An anti-ship missile (AShM) is a guided missile that is designed for use against ships and large boats. Most anti-ship missiles are of the sea skimming variety, and many use a combination of inertial guidance and active radar homing. A large number of other anti-ship missiles use infrared homing to follow the heat that is emitted by a ship; it is also possible for anti-ship missiles to be guided by radio command all the way.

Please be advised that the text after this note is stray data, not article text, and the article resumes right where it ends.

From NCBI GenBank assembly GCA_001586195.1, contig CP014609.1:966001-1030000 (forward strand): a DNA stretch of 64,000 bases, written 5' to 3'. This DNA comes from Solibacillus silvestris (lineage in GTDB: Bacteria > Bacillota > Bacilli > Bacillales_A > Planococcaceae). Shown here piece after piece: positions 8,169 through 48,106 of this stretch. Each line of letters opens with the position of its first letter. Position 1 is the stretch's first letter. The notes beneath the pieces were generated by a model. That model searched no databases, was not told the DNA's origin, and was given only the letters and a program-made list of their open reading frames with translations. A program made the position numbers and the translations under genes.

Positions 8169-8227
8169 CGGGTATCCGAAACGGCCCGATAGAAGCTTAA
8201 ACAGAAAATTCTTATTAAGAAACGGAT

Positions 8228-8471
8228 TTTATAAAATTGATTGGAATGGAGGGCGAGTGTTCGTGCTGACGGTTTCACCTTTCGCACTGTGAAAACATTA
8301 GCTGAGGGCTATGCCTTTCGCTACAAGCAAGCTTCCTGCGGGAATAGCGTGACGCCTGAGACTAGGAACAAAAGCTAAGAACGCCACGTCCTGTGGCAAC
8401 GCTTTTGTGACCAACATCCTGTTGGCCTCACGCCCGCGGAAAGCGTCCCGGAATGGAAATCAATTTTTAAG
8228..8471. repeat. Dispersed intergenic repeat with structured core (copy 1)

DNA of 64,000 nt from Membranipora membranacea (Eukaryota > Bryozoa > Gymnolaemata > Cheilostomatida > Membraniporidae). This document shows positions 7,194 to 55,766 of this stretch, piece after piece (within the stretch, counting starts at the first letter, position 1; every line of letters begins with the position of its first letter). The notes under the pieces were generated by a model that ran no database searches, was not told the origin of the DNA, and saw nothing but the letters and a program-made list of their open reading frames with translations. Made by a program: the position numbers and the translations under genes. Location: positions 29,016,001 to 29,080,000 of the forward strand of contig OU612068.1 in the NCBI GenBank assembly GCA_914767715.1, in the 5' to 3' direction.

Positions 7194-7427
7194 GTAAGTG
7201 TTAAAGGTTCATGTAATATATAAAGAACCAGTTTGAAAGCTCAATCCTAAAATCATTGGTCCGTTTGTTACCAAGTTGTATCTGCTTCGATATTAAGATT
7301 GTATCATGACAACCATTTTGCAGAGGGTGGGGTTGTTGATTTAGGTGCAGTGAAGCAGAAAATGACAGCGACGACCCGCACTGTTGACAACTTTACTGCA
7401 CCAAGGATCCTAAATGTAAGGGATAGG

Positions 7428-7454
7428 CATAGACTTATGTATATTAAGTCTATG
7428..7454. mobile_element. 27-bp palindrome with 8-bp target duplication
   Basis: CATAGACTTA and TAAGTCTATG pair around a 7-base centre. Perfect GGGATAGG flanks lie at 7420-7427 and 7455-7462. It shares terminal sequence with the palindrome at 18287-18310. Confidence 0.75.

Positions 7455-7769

The first anti-ship missiles, which were developed and built by Nazi Germany, used radio command guidance. These saw some success in the Mediterranean Theatre during 1943–44, sinking or heavily damaging at least 31 ships with the Henschel Hs 293 and more than seven with the Fritz X, including the Italian battleship Roma and the light cruiser . A variant of the HS 293 had a TV camera/transmitter on board. The bomber carrying it could then fly outside the range of naval anti-aircraft guns and use visual guidance via the bombardier to lead the missile to its tar